Suzannah Pettigrew's 'tender and ghostly' new show at Surrealist photographer Lee Miller's former home in East Sussex

London-based artist Suzannah Pettigrew's photographic stills create a snapshot of her Sussex coast childhood, conjuring up a hallucinatory world of memory

Suzannah Pettigrew artwork
Suzannah Pettigrew, Self-portrait three times removed
(Image credit: courtesy of the artist and Farleys)

British artist Suzannah Pettigrew uses decades of personal and family films as a portal into the hallucinatory world of memory for her new exhibition ‘The End (For Now)’. The work, which spans framed photographic stills, her signature ‘photo-sculpture’ installations and generative poetry pieces, recontextualises films taken by Pettigrew’s grandfather, father, cousins and the artist herself when she was an adolescent.

The images drawn from these homemade films, made on Super 8 and early digital cameras, are tender and ghostly. We see a grainy glimpse of an empty table dressed with a gingham tablecloth and matching plates; a young Pettigrew filming herself in the bathroom mirror, the hefty black camera eclipsing her not-yet-teenage face; a pixelated TV showing sailboats against a black sky, and other quotidian moments from Pettigrew’s early life growing up in the seaside Sussex town of Eastbourne.

Suzannah Pettigrew, ‘The End (For Now)’

Suzannah Pettigrew artwork of girl filming self in mirror

Suzannah Pettigrew, Filming in the Bathroom Mirror

(Image credit: courtesy of the artist and Farleys)

By reconstituting these films, which are also the collective visual memories of her family, Pettigrew shows us just how destabilised our understanding of the past can be. We take it as a given that if we capture something on film, it is the truth, but what if, Pettigrew asks, technological mediums are just as unreliable as our minds? What if reality is always, inevitably, morphing into fantasy?

Suzannah Pettigrew installation, images on draped fabric

Suzannah Pettigrew, 'The End (For Now)', installation view

(Image credit: courtesy of the artist and Farleys)

Pettigrew’s ability to fracture the distinction we draw between reality and fantasy makes it perfectly fitting that ‘The End (For Now)’ is taking place at Farleys, the former home of Surrealists Lee Miller and Roland Penrose in the East Sussex countryside.

The fact that the show is happening at Farleys is especially poignant for Pettigrew, who visited the house exactly 20 years ago on a trip that has informed her artistic practice ever since. The visit cemented Miller as Pettigrew’s defining artistic influence and it was the first time that the young artist met Miller and Penrose’s son, Antony Penrose, who, along with his daughter Ami Bouhassane, is the founder of the Lee Miller Archives and director of Farley House.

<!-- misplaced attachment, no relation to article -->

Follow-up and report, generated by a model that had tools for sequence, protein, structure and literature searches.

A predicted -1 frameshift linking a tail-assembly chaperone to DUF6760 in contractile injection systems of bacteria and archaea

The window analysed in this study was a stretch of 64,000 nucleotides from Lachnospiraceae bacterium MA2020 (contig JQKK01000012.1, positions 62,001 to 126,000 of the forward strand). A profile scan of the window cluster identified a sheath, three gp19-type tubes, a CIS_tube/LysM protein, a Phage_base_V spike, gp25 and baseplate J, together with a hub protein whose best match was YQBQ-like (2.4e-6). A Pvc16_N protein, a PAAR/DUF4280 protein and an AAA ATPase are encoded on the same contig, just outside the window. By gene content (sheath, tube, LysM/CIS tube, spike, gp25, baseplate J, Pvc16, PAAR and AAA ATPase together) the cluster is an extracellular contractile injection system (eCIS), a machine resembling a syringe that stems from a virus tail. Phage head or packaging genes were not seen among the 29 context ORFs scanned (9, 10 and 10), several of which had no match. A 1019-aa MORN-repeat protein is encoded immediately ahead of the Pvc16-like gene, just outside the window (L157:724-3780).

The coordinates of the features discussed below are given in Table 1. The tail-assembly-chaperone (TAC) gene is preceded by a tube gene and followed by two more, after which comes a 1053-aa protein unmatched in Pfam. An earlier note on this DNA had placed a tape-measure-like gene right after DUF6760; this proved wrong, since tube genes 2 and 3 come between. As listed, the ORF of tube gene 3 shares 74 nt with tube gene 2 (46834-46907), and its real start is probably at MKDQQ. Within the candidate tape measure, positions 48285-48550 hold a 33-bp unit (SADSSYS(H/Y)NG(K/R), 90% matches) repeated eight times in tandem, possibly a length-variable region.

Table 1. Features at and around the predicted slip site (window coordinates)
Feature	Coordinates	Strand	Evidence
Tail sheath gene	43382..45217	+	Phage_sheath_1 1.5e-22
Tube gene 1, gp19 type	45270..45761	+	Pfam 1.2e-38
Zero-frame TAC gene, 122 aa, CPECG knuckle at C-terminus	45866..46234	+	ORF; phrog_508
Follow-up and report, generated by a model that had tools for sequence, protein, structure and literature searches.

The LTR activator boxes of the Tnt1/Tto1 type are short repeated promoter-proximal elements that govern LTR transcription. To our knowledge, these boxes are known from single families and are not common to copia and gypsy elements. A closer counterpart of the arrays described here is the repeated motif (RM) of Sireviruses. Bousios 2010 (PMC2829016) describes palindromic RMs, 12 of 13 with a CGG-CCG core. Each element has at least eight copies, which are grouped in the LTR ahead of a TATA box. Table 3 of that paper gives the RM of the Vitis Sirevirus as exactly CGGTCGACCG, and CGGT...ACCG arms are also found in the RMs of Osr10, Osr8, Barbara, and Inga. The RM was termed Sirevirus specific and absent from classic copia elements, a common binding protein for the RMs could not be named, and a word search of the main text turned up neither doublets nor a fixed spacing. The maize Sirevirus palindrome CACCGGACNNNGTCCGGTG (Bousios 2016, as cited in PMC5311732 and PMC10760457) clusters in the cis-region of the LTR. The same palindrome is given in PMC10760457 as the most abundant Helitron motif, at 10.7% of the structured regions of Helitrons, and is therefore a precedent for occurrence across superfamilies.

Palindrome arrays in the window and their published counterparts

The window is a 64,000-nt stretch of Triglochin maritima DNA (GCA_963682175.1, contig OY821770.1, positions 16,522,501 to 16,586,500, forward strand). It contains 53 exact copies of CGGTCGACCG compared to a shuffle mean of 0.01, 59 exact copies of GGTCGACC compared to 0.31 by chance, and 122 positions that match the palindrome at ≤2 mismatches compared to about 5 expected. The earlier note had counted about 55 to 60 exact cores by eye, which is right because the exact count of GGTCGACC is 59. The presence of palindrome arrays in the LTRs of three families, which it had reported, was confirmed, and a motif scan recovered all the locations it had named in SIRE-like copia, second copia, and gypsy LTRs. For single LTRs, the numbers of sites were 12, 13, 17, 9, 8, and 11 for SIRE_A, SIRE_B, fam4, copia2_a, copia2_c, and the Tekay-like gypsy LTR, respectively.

Suzannah Pettigrew film still bearing the word ‘END’

Suzannah Pettigrew, End Card

(Image credit: courtesy of the artist and Farleys)

Pettigrew has created a companion book to the exhibition, which features an illuminating and, at times, astounding interview between herself and Penrose about Miller’s work and how Pettigrew’s own photography fits within its legacy.

For those unfamiliar with Miller’s life, she was a fashion model-turned-photographer, a leading figure in the Surrealist movement, an expat in 1930s Egypt, and a Second World War correspondent who documented the liberation of Paris, the London Blitz, and the concentration camps at Dachau and Buchenwald.

Suzannah Pettigrew film still of girl in mirror

Suzannah Pettigrew, Serena Brushing her Hair

(Image credit: courtesy of the artist and Farleys)

She captured some of the most moving images of the war, but the experience left her with severe post-traumatic stress and, by the 1950s, she had mostly abandoned photography, choosing instead to channel her creative energy into gourmet cooking. Miller died in 1977, by which time her work had become little known to the public and even to her own son, who was not aware of his mother’s remarkable career until, after her death, he found thousands of negatives, photographs, letters and other documents in the attic at Farleys. The book touches on all of this, as well as the struggles Penrose had getting any major museum or gallery to recognise Miller as more than just a footnote in the Surrealist movement.

Together, ‘The End (For Now)’ exhibition and corresponding book celebrate both Miller and Pettigrew as female photographers pushing the limits of what photography can do. As Penrose says to Pettigrew in their recorded conversation, ‘What's important to me about your work is that you're breaking new ground. You're finding ways of making photography relevant and exciting that have not really yet been explored. In this day and age, when media is so prolific, that's a difficult thing to do.’

‘The End (For Now)’ is on show at Farleys until 14 July,

Writer and Wallpaper* Contributing Editor

Mary Cleary is a writer based in London and New York. Previously beauty & grooming editor at Wallpaper*, she is now a contributing editor, alongside writing for various publications on all aspects of culture.